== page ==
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New Year Kicks In Generous Federal Estate Tax Rules

News Release
December 30, 2008 Download PDF

Moneyed Oregon families have one more reason to pop open the champagne for the New Year, when a law cutting further the federal tax on inherited wealth takes effect, according to the Oregon Center for Public Policy.

Download a copy of this news release:

New Year Kicks In Generous Federal Estate Tax Rules (PDF).


Related materials:

Citizens for Tax Justice report Latest State-by-State Data Show Why Obama Should Scale Back His Proposal to Cut the Federal Estate Tax (PDF).

In 2009, the federal estate tax exemption will jump from $4 million per couple to $7 million. This means that the heirs of a widow or widower who dies in 2009 with an estate valued at $7 million will pay no federal estate taxes, according to OCPP policy analyst Janet Bauer.

Only three in 1,000 estates in Oregon will likely be subject to the federal tax under the 2009 rules, said Bauer. She noted that the ratio was 13 per 1,000 in 2000, before a 2001 law enacted under the Bush Administration began to phase in cuts to the federal estate tax.

“If you go to six funerals every single week in 2009, odds are you might attend one the entire year where the deceased’s estate would pay any federal tax,” said Bauer. “Even the busiest funeral parlor director won’t see many individuals subject to the federal estate tax.”

In the entire country, under the expanded exemption, only an estimated 140 small farms and businesses will pay any amount in federal estate taxes in 2009, according to Bauer.

“The law is already very generous, exempting 99.7 percent of all Americans,” said Bauer. “Any further gutting of the federal estate tax at this point would constitute a giveaway to extremely wealthy households who don’t need assistance.”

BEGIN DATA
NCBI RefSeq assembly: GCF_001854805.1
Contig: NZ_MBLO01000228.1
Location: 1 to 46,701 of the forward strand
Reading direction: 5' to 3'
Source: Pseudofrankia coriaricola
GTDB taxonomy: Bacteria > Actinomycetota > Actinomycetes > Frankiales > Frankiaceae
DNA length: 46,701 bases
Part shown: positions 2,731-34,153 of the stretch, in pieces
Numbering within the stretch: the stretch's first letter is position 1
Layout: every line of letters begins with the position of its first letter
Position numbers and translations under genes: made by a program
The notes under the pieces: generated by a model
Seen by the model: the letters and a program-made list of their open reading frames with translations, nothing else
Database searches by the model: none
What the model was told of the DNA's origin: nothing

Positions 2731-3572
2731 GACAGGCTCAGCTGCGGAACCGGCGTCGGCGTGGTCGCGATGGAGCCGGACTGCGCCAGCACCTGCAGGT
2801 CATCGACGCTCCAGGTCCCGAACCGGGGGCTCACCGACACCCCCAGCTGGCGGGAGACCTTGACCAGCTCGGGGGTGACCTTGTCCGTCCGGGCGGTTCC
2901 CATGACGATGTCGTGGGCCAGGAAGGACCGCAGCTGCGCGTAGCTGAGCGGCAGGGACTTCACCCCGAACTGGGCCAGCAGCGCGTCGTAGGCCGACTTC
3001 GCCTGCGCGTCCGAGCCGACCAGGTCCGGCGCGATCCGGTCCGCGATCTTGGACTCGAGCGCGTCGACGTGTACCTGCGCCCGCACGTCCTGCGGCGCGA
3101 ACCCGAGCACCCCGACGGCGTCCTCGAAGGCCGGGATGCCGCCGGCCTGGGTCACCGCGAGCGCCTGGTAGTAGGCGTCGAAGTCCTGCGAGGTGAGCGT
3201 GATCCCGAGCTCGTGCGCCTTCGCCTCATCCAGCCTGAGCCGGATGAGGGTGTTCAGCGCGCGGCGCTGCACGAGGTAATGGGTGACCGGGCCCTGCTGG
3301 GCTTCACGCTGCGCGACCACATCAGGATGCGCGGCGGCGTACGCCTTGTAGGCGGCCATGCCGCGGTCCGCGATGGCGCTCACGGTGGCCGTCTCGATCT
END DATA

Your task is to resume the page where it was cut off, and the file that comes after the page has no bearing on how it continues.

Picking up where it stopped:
But one more cut to the federal estate tax is on the horizon. Under the 2001 law, in 2010 the federal estate tax will be repealed entirely, but only for that year. If Congress takes no action, in 2011 the estate tax exemption will revert to $1 million, the level in place before the Bush Administration’s 2001 tax legislation phased in cuts to the estate tax.

Bauer saw it as unlikely that the 2010 repeal will take effect, noting that Congress has voted several times recently to oppose permanent repeal of the tax and stressing what she called the “nation’s urgent budget priorities.”

“The country needs to invest in fixing its ailing health care system, upgrading its infrastructure and education system and containing the expanding national debt,” she said. “We cannot address those priorities without adequate resources, and the federal estate tax is one of the fairest ways wealthy Americans can support their country.”

Bauer estimated that in 2009, the federal estate tax will generate about what the federal government will spend on K-12 education that year.

She called on Congress to protect this important source of revenue and set the exemption for 2010 and beyond on terms no more generous than the rules in place in 2009.

“The federal estate tax is the most sensible revenue tool that the federal government has to create economic opportunity for everyone,” said Bauer.

The Oregon Center for Public Policy is a non-partisan research institute that does in-depth research and analysis on budget, tax and economic issues. The Center’s goal is to improve decision making and generate more opportunities for all Oregonians.

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